Do you face gym anxiety whenever you think about working out in a public place? You’re not alone. People commonly call this “gymtimidation.” Luckily, there are ways to fix this. In this article, we go over what gymtimidation (a.k.a gym anxiety) is and how to fix it.
Let’s talk about it.
What is Gymtimidation?
Does the thought of going to the gym fill you with dread? You aren’t alone. Nearly 50% of Americans experience nervousness around group workouts, unfamiliar equipment, and the presence of fit strangers - particularly strangers of the opposite sex. This phenomenon is known as gymtimidation.
At best, gymtimidation is uncomfortable. At worst, it’s paralyzing. Left unaddressed, it can cause well-intentioned people to avoid healthy routines, plateau in their current regimens, or give up on their fitness goals altogether. In short: gym-related anxiety is bad for our collective mental and physical health.
The Top 6 Reasons People Avoid Going to the Gym
Reason 1: They are Self-Conscious
Comparison is the thief of joy, and the gym is rife with it. We’re confronting our physical limitations in mirrored rooms, next to people who may be stronger, faster, or better conditioned than we are. It’s enough to make even the most upbeat among us succumb to negative self-talk once in a while.
While there is no cure for self-consciousness, you do have the power to rewire your inner monologue. When negative thoughts arise, seek to replace them with affirmations. Remember that you’re only competing against yourself, and remind yourself of how far you’ve come.
Reason 2: They Don't Have the Time
Contrary to popular belief, a workout doesn’t have to be long in order to be thorough. In fact, squeezing in ten minutes of exercise between meetings is better than planning to spend an hour at the gym, and then not following through. Set a realistic workout schedule, and increase your training intervals as you’re able.
The TRX app offers hundreds of short, effective workouts that’ll get you sweaty in under twenty minutes. The best part is that they can be completed at home, on your schedule, with minimal equipment.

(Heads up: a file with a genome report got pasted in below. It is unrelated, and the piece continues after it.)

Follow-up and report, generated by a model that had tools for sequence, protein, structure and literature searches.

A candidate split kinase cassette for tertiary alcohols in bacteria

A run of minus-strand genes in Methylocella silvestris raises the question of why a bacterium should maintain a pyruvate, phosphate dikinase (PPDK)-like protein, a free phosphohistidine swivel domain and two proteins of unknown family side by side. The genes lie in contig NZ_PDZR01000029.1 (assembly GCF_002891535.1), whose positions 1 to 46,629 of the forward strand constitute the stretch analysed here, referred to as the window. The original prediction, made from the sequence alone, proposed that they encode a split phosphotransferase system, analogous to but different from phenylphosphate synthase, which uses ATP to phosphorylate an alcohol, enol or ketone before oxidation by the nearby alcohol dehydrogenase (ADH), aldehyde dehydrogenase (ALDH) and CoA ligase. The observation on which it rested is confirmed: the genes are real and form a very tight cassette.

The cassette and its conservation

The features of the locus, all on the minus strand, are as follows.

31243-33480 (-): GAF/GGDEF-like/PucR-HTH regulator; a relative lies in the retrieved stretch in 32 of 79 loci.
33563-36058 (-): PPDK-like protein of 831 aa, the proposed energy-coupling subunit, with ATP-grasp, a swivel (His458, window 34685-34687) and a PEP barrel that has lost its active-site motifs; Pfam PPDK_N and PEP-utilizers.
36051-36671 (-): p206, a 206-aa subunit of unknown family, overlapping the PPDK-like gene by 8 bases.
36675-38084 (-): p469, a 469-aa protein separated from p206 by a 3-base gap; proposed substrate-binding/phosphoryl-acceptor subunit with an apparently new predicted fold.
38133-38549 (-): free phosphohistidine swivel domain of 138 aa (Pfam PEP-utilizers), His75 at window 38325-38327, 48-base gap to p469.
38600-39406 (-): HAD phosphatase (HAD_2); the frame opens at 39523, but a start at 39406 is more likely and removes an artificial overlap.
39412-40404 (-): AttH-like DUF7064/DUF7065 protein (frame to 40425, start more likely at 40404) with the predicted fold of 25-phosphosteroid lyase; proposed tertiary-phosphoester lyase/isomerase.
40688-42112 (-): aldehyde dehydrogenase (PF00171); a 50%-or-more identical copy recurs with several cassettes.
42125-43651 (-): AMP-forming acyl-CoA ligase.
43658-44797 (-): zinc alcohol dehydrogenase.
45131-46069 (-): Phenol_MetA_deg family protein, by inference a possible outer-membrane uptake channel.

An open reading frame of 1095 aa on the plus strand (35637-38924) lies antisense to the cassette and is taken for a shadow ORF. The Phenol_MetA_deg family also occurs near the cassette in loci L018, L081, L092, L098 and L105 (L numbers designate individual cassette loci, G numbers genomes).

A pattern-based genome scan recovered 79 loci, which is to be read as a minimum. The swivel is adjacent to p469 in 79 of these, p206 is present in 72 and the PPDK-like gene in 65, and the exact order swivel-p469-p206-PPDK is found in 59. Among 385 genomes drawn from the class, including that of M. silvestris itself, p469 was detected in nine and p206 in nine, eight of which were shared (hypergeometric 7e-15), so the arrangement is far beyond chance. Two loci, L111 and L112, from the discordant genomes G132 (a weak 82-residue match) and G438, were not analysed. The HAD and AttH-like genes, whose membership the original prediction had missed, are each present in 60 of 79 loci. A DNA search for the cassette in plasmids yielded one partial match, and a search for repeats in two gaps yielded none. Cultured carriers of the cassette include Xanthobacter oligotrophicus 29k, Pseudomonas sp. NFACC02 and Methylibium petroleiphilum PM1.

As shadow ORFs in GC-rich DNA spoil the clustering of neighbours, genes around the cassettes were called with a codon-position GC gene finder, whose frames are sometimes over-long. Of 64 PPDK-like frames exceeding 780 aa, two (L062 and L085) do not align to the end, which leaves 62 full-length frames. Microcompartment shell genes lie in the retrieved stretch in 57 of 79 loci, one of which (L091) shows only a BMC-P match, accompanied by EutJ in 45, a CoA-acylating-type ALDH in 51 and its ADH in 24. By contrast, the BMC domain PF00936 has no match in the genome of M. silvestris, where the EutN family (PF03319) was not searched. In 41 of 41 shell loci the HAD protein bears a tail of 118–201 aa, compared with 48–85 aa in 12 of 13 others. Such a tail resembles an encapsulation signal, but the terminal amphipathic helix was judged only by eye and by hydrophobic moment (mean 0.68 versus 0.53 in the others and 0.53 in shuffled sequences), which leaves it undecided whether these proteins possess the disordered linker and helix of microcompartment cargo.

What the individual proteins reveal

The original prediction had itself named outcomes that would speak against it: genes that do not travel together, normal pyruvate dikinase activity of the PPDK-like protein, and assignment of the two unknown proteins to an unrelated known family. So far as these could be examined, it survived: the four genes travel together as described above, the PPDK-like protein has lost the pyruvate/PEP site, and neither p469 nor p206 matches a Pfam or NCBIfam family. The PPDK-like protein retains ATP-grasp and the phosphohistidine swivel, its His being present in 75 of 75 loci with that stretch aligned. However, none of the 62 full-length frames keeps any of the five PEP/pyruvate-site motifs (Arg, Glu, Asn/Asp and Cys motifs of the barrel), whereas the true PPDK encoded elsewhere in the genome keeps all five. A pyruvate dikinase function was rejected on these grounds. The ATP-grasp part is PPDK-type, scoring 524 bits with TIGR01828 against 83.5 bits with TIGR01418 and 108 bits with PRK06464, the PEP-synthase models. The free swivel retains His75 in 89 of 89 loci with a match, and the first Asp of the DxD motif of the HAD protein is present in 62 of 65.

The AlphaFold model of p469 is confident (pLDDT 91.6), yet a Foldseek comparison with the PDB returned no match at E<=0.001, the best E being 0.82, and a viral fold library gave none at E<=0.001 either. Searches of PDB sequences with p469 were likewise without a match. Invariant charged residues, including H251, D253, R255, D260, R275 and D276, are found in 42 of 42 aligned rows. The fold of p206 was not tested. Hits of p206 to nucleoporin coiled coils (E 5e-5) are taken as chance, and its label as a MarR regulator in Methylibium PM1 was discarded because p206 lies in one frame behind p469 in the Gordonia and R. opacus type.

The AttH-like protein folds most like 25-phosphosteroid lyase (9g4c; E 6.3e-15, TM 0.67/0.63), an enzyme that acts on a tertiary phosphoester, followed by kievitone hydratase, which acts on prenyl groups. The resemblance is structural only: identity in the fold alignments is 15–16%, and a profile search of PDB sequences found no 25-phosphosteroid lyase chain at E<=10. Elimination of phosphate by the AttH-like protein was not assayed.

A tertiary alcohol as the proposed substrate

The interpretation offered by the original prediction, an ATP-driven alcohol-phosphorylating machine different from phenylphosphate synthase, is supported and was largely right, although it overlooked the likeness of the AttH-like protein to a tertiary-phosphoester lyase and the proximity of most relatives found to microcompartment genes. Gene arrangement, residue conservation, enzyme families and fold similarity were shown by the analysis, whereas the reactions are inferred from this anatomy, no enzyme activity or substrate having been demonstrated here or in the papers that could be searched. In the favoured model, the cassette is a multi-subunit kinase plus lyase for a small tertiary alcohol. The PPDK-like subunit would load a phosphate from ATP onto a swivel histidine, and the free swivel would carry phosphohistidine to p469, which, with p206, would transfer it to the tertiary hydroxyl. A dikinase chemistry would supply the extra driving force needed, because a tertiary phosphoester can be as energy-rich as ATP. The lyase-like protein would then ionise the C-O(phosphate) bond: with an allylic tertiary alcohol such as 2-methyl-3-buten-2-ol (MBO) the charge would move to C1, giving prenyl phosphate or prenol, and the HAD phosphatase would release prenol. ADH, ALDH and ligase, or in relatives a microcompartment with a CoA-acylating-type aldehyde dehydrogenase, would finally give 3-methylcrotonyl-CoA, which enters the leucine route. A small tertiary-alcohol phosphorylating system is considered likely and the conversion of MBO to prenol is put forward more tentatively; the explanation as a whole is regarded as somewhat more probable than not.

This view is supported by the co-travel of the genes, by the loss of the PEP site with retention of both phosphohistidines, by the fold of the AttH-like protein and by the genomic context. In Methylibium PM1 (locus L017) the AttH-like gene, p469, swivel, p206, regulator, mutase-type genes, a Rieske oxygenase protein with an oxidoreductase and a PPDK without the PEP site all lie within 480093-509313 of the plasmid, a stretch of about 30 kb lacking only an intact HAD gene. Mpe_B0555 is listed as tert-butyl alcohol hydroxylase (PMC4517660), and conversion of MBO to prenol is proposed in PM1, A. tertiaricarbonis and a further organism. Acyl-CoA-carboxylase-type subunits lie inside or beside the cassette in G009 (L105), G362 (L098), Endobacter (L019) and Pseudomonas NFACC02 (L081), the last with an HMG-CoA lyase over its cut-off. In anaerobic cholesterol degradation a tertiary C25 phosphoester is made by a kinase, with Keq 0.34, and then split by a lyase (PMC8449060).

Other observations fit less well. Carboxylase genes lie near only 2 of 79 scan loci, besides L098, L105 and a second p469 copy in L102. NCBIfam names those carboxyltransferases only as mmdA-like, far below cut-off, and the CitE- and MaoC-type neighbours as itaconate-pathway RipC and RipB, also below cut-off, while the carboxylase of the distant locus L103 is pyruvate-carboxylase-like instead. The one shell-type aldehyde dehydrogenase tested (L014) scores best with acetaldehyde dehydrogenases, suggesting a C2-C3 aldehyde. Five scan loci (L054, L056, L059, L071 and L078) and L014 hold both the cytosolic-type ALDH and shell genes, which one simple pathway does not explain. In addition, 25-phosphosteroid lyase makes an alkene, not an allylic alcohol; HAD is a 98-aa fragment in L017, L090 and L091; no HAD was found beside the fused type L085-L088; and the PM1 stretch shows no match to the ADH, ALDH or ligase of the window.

Reason 3: Worried about Judgement
While it may be tempting to imagine that prying eyes are judging your every rep, the truth is as blunt as it is freeing: no one cares. The fittest folks at the gym are there for one reason, and one reason only - personal improvement. They are infinitely more concerned with their own gains than yours. So carry on.
Ideally, the gym should be a source of social connection and camaraderie. Consider reading reviews or completing a trial run to check the vibe before joining. If there is no supportive gym community near you, you can always create a home setup that takes other people out of the equation entirely.
Reason 4: Too Crowded
Gyms get crowded, particularly around the first of the year. In addition to tying up equipment, crowds can amplify feelings of gymtimidation, making it harder to get - and stay - motivated. Consider scheduling your workouts to avoid peak times. You could also explore alternative workout spaces (i.e., going for a run outdoors instead of on the treadmill), or invest in building a home gym that works for you.
Reason 5: Lack of Motivation
Nothing kills motivation faster than unachievable goals. Set yourself up for success by breaking your big dreams down into manageable steps. Then, log your progress, and celebrate each milestone.